• Wednesday, February 21, 2024
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Learn Africa succumbs to cost pressure

Learn Africa plc is an education solutions business with a history spanning over 50 years. The company was established in 1961 as Longman Nigeria – a book publishing firm wholly owned by Longman Group UK Limited, now Pearson Education.

On July 23, 1996, the shares of Longman Nigeria were listed on the Nigerian Stock Exchange. In 2008, the company became a subsidiary of Pearson plc following the Longman’s increase in its shareholding from 29 percent to 51 percent.

In 2011, however, Pearson and Longman Nigeria mutually agreed to become separate corporate entities in Nigeria. Today, Learn Africa is Nigeria’s largest educational publisher with the widest range of books/educational resources and a very expansive distribution network.

The company has 771.45 million shares outstanding with N3.24 billion shareholders’ fund as of June 2014.

Financial performance for half year 2014

For the first six months through June 2014, the company posted a loss of N185.30 million from the same negative figures of N198.58 million the same period of the corresponding year (HY 2013).

Based on BusinessDay analysis, the decline in profits was as a result of pressures from operating expense margin that was as high as 96 percent, while operating expenses increased by 6 percent to N431.07 million. However, inputs costs were reduced to the barest minimum.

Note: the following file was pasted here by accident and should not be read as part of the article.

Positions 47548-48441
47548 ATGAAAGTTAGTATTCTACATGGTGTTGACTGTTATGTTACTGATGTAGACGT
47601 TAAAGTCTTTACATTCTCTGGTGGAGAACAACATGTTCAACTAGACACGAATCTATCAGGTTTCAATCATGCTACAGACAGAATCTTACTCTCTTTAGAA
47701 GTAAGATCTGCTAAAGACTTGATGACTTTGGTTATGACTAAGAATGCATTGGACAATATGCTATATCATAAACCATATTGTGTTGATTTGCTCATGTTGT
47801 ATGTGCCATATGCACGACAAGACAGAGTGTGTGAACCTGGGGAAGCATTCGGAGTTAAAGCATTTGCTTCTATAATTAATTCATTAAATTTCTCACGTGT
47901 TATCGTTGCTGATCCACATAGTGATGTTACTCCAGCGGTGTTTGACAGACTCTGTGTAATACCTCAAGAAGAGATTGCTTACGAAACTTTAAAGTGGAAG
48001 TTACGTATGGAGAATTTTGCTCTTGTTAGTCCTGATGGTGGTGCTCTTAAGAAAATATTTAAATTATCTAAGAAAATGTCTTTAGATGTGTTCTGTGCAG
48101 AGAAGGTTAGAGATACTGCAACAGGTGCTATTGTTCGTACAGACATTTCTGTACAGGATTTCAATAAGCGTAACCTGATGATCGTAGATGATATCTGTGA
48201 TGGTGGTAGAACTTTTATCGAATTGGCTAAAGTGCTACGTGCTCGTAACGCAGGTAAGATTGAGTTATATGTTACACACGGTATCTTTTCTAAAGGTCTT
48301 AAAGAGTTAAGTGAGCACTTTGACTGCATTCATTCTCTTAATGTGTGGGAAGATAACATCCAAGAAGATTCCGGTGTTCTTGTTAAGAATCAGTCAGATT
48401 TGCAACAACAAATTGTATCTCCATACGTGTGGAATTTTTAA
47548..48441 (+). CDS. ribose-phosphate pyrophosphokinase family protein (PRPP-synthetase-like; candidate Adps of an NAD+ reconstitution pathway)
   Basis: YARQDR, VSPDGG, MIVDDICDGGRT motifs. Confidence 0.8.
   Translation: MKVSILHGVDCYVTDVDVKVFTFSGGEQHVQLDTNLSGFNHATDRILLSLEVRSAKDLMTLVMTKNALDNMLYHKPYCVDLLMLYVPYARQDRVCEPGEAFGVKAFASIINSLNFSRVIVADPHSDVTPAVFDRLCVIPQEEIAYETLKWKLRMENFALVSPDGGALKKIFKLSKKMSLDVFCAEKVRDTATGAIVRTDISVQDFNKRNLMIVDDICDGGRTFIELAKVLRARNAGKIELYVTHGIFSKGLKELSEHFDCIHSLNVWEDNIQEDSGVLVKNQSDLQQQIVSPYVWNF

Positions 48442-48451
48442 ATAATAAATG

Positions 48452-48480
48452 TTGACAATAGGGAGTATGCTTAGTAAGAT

The surge in operating expenses stemmed from the cost incurred on the restructuring of the entire sales and marketing department for optimum utilisation to enable it meet the current challenges of contemporary book business.

Additionally, to increase its sales coverage and expand its market share, the company expanded its sales team from 61 to 137 sales persons, which may have contributed to swelling distribution and marketing expenses.

However, the company was able to trim cost of production despite the challenging operating environment as cost-of-sales margin dipped to 38.20 percent in HY 2014, from 53.81 percent as of HY 2013, while cost of sales fell by 10.47 percent to N171.25 million. Direct costs attributable to projects were managed effectively as gross profit increased by 64.78 percent to N276.22 million in the review period as against N167.62 million in the preceding year.

Gross profit margins spiked to 61.91 percent in HY 2014, compared with 46.70 as of HY 2013, validating the company’s ability to manage cost of inventories and also pass along any price increase through sales to clients.

Top-line level performance were impressive given the rise in sales by 24.68 percent to N447.78 million from N358.27 million as of HY 2013.

The company’s share price closed at N1.60 on the floor of the Nigerian Stock Exchange, while market capitalisation was N1.23 billion on the same day.